The Lobster (2015) – The Loneliness Games

As someone who loves and hates science fiction almost as much as he loves and hates art house film, I am uncharacteristically excited by the work of Yorgos Lanthimos. In fact, the only director who work intrigues me as much as that of Lanthimos is that of Athina Rachel Tsangari and she produced Lanthimos’ early works in return for his producing hers. Together, these Greek directors are in the process of creating something entirely new in European film and all I can really say is that it’s about damn time.

Lanthimos spent the 1990s directing adverts and music videos as well as working with experimental theatre troupes. Part of the team responsible for the Opening and Closing ceremonies of the 2004 Athens Olympic Games, Lanthimos stepped up to directing features with a mainstream sex comedy that was never really seen outside of Greece. The change came in 2005 when Lanthimos directed an experimental film entitled Kinetta, which was nominated for an award at the Thessaloniki International Film Festival. Kinetta is not a great film and arguably not the best place to start when trying to get to grips with Lanthimos’ body of work but it does feature the same troubled relationship with reality as Lanthimos’ later films.

Set amidst the concrete tower blocks and sun-drenched parking lots of a holiday resort, the film revolves around a group of eccentrics who search for meaning by re-staging and filming the crimes of a local serial killer. Shot with a hand-held camera in a way that serves only to draw the audience’s attention to the artificiality of the film’s viewpoint, Kinetta creates a few memorable images only to lose them in a sea of puzzling characters, truncated narratives and a thematic package that never quite manages to find its own shape. Neither surreal enough to be allegorical nor sufficiently grounded to shed much light on questions of identity, the film seems to sit between a number of different and incompatible ontological registers.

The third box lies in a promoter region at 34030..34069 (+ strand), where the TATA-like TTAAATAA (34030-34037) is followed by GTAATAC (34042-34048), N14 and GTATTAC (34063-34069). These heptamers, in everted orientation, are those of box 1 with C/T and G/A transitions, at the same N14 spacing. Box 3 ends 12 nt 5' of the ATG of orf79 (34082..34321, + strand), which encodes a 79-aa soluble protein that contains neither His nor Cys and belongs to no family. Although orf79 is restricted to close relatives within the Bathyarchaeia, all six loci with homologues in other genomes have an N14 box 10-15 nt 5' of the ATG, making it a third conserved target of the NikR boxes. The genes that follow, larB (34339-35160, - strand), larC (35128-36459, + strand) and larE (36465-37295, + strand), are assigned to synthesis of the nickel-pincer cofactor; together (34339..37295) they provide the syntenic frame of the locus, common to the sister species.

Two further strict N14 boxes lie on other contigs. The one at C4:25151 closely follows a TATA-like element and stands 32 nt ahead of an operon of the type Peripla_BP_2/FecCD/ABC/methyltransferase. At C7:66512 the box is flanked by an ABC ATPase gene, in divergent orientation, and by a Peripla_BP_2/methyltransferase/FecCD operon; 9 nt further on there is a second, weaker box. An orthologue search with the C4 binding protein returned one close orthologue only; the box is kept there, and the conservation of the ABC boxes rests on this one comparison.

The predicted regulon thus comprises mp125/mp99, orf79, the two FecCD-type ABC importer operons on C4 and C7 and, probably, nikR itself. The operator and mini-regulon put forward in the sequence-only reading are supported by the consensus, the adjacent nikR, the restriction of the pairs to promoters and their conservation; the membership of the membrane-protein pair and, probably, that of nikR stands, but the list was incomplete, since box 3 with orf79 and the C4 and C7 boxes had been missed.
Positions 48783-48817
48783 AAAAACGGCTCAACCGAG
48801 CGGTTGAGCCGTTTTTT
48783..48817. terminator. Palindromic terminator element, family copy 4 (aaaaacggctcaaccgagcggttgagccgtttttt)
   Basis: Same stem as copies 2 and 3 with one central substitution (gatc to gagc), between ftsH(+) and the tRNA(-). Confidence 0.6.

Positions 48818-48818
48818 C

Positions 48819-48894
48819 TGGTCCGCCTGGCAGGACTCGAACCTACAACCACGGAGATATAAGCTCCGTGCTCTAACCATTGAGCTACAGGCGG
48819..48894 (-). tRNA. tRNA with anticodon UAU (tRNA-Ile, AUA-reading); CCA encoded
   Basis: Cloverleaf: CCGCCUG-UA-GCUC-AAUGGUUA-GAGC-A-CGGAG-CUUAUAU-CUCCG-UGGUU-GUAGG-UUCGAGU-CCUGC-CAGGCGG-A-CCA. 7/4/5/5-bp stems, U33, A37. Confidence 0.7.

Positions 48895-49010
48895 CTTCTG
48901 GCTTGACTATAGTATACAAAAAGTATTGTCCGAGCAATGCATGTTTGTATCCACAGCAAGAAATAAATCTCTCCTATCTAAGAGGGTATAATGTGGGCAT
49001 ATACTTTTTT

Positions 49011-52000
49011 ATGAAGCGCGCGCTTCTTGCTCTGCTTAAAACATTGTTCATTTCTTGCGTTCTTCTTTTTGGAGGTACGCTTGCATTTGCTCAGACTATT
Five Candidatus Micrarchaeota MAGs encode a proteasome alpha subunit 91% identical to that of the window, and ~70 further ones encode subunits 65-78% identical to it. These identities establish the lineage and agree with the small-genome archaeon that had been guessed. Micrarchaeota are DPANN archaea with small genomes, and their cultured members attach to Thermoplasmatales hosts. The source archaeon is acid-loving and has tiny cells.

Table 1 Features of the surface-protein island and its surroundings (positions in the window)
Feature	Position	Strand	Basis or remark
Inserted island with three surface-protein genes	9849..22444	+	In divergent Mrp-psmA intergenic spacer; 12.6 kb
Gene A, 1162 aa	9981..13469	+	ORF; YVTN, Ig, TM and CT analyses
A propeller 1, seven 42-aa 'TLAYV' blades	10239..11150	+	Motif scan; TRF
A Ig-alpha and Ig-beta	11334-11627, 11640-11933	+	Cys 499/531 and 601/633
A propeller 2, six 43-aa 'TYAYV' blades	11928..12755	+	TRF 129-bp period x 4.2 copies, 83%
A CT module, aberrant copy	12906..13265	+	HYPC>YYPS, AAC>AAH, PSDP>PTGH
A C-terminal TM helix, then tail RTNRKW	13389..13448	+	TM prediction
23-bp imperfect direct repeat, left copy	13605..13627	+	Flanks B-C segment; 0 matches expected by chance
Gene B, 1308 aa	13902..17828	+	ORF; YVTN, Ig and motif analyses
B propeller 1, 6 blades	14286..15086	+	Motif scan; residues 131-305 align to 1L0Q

It is easy to see why Dogtooth is the film that brought Lanthimos to a the attention of a global audience. Released at a time when the collapse of the Greek economy was just beginning, the film uses surrealistic imagery and science fictional themes to explore inter-generational conflict and the idea of Greece as a country where the young are held captive by the dreams and nightmares of their parents. Built around the conceit of a world-within-a-world that takes the power dynamics of childhood and projects them out onto a world whose political settlement had been revealed as a complete fantasy, Dogtooth solves Kinetta’s troubled relationship between fiction and reality by framing fantasy as something that can be both imposed and escaped.

Lanthimos’ follow-up film Alps took a different and considerably less successful approach to the tension between fiction and reality. Set in the real world, the film revolves around a group of misfits who rent themselves out to grieving families as a way of giving them a few extra days or weeks with the deceased. As in Kinetta, Lanthimos draws our attention to the arbitrariness of everyday life through the medium of bad acting. The group may be hired to play the deceased but their inability to either imitate the dead or deliver a line of dialogue with real sentiment drives home the idea that human lives are little more than collections of empty rituals. In fact, when one of the group begins adding to her role by fostering real relationships and making important decisions, her employers are outraged: This is not the daughter we were expecting! The reason that Alps does not work as well as Dogtooth is that rather than associating the film’s surreal imagery with a world-within-a-world, Lanthimos associates it with grief and the social transgressions born of heightened emotional states. The problem here is that while audiences can relate to the idea of childhood as a place where parents impose ridiculous ideas upon their children, the idea of people doing ridiculous and surreal things because they are upset seems somewhat unrealistic and lacking in satirical focus. Alps did not work because Lanthimos tried to resolve the tension between reality and fiction in purely psychological terms and, as in Kinetta, his surrealist methods tend to become less effective the closer his films get to conventional realism.